5 Reasons Your Business Needs To Open The Door To More Apprentices

19 October 2016 -


Perfect for young people looking for tailored hands-on experience and earn a regular salary, apprenticeships are also an attractive and affordable option for employers of all sizes looking to bolster their operations with fresh talent

Jermaine Haughton

While in times past, some employers and students alike may have been put off by the low-paid, often manual and restricted nature of apprenticeships, the past decade has seen an explosion in the variety of highly-rated, industry-recognised apprenticeship schemes in most UK sectors.

And leading firms have taken heed of the Government’s increased focus on developing apprenticeship programmes by providing a series of entry level work and study opportunities in their respective skilled trades.

Despite only half (48%) of young people saying they have been told about options for apprenticeships by their school, the CMI's new Age of Uncertainty report shows that students still recognise the benefits, with two in three (65%) respondents citing good job prospects.

Read CMI’s full report on the power of apprenticeships and engaging with the next generation of leaders

Here are just five reasons your business needs apprentices:

1. Get The Skills You Need

Given the current skills shortage faced by many companies, especially in technical, digital and scientific fields, apprenticeships provide managers with a great opportunity to develop ambitious and young new recruits to meet their needs.

In fact, some 82% of employers take on apprentices to build the skills capacity within their business, as recruiters struggle find the particular skills they need in the graduate market to help move their business forward.

2. Simplified Training Process

For smaller companies that do not have much experience of providing dedicated in-house training, the process of managing apprentices is made much easier through the help of the training provider, who structures the entire scheme.

Training providers handle the apprentices’ formal training, access to funding, qualification and assessment, meaning employers can put most of their focus on challenging the employee in the workplace.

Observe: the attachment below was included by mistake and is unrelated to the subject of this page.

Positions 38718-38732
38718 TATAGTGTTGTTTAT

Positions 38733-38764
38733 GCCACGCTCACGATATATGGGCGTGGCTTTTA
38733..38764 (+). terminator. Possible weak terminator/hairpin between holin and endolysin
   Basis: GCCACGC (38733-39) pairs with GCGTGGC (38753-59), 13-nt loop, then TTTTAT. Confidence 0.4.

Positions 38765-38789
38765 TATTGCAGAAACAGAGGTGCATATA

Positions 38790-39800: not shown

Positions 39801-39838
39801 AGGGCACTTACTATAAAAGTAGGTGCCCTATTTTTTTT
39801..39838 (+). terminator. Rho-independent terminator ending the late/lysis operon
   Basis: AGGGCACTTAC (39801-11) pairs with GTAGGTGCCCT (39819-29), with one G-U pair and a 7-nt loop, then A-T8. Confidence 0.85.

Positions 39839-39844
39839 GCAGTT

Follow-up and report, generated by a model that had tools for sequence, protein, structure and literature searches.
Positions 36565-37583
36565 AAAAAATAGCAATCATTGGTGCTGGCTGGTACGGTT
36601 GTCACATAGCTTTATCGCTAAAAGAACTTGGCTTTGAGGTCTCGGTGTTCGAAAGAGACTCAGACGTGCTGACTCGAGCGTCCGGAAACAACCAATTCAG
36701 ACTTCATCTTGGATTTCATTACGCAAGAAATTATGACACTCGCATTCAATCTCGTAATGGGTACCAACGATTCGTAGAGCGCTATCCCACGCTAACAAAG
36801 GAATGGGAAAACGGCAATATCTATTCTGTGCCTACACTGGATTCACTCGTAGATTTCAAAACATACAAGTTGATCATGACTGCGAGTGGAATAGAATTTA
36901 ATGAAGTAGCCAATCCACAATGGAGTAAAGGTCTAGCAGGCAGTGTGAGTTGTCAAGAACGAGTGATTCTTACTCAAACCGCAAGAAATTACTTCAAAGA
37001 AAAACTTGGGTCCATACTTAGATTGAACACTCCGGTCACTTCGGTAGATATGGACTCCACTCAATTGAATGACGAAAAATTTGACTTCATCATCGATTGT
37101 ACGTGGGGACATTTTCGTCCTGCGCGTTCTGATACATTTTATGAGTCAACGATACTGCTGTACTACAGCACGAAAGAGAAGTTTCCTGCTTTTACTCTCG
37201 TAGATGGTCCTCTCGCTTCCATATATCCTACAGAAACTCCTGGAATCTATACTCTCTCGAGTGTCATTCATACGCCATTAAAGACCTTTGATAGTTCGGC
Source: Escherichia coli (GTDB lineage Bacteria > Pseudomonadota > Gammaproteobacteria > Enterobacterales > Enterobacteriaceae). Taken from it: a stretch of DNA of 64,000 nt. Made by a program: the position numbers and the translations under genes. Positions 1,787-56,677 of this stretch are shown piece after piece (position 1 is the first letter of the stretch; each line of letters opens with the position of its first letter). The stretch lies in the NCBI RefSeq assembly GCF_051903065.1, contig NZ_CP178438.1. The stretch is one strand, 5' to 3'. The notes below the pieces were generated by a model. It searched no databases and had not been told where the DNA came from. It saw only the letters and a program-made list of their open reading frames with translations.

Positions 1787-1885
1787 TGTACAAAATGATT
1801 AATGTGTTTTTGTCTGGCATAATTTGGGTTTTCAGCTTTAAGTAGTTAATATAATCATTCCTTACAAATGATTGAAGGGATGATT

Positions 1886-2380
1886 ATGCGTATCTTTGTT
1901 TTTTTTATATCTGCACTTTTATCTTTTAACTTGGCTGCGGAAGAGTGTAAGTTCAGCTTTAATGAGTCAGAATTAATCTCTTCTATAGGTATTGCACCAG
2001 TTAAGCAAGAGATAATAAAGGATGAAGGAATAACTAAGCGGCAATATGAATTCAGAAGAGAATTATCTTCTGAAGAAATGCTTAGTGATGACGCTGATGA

3. Give You A Lift

Ambitious, energetic and full of enthusiasm, apprentices also bring a freshness and revitalisation to your workplace.

For many young apprentices, the schemes are their first proper jobs, and the chance to earn-while-they-learn means that they are often very keen to learn new skills and knowledge to help equip themselves for a successful career in their respective industry.

Apprentices also bring their core education (maths, English and IT skills), and are already accustomed to having to learn new things quickly and adapt to different challenges accordingly. The investment in an apprentice can therefore, in time, allow existing experienced staff to be freed up to work on other projects.

4. Apprentices are more loyal

Through apprenticeships, managers have access to the best young talent, who are more likely to be loyal to the company that has supported their career development.

Research has shown that because apprentices feel valued in the workplace, they are loyal employees and this improves staff retention and helps to build and sustain a strong team ethic within your company.

By taking apprentices at  a young age, and tailoring training specifically to the needs of the employer, young workers are more likely to advance through the ranks of the firm rather than move to pastures new.

A study by Populus, conducted for National Apprenticeship Week, found that 80% of employers questioned feel that apprenticeships reduce staff turnover, suggesting that apprentices feel loyal to the company that trained them.

5. Cost Effective to businesses and the economy

Perhaps most importantly, apprentices are an investment that have been proven to boost company financial performance.

Employers wanting to train an apprentice can access government financial support that will pay for some, or even all, of the training involved.

Regardless, apprentices often pay for themselves within a few years and can improve a company’s bottom line by boosting productivity and making companies more effective.

A study by the UK Commission on Employment finds that 88% of employers feel apprenticeships are a cost-effective way to train staff.

Read The Age of Uncertainty and find out more about how apprenticeships can give your organisation a lift

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